Herausgeber:
Liechtenstein Politische Schriften
Bandzählung:
35
Erscheinungsjahr:
2003
PURL:
https://www.eliechtensteinensia.li/viewer/object/000077483/20/
There is an amazing number of small countries, when smallness is judged by population figures. Eighty-eight countries out of 193 have fewer than five million inhabitants; 35 have populations of under 500,000, which is about the size of the least populous US state, Wyo - ming, or, equivalently, slightly smaller than Boston. Nevertheless, if one takes the 30 least populous countries in the world (in the left-hand column of Table 2.1), it is easily discernable that there is no clear- cut picture concerning apparent similarities between them, except, of course, their size. Some of the smallest countries in the world are highly developed and prosperous; some clearly are not. Some of them have a long history as a sovereign country, like Armenia (interrupted by periods of occupa- tion) and San Marino; others have only recently attained the status of in- dependence. Some are landlocked, some have access to the sea, and some are remote island countries, island groups or archipelagos. There is no continent without small countries, except Australia and Antarctica of course, although most of the small countries are situated in the Pacific, the Caribbean and in Europe. Even these brief considerations show that the heterogeneity among small countries is enormous, perhaps almost too big for meaningful comparisons between them.4 Note that the number of inhabitants is intimately related to the cost-side of public good production and provision. Therefore, from a theoretical point of view in public economics, the number of inhabitants is the most apparent proxy for country size in the context of this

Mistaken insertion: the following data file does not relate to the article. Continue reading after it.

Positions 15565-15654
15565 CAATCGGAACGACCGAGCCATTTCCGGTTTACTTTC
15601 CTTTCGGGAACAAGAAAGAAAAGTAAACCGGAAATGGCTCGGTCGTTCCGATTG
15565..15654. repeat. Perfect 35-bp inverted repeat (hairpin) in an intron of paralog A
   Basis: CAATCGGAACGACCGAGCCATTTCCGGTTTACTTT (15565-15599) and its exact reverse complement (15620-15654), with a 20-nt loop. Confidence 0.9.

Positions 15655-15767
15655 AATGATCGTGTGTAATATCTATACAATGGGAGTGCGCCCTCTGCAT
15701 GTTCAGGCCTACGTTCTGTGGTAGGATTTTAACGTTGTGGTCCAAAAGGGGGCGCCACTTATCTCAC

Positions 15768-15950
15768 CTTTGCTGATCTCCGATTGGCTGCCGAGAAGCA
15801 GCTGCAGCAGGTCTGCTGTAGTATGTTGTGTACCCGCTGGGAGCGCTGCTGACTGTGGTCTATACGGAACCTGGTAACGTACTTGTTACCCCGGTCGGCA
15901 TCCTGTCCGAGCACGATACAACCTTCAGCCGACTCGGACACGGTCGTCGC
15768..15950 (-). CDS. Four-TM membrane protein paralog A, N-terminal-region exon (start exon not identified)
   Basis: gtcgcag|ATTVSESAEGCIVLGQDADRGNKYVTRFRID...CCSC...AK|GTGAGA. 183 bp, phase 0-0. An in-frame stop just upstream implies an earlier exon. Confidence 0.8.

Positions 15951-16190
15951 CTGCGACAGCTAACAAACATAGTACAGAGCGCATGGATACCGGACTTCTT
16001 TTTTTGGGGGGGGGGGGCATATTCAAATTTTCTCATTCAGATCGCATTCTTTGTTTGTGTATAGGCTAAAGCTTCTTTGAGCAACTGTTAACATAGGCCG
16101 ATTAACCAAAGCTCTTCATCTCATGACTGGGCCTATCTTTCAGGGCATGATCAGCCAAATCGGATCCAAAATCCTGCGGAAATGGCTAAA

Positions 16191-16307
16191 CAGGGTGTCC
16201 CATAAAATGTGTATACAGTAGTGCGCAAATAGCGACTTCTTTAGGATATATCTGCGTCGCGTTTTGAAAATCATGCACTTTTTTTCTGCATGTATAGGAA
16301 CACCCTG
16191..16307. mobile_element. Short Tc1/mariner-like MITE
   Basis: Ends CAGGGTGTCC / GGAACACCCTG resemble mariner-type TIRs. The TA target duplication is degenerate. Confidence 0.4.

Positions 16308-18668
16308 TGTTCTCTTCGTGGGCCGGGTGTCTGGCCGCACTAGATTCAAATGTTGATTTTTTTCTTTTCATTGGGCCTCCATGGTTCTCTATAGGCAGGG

book.5 2.1.2 Size and geographic characteristics Table 2.2 gives an overview of the smallest countries in the world, when area is taken as a proxy for country size. The correspondence between the countries in Table 2.1 and Table 2.2 is quite high. Nearly 70% of the countries appearing in Table 2.1 are also listed in Table 2.2 (although Table 2.2 comprises only 67 countries in comparison to the 88 countries 20Smallness 
of countries: concepts and definitions 4We will nevertheless show in this study that comparisons are both possible and mean ingful. 5Section 2.3 dwells upon this subject in detail.
        

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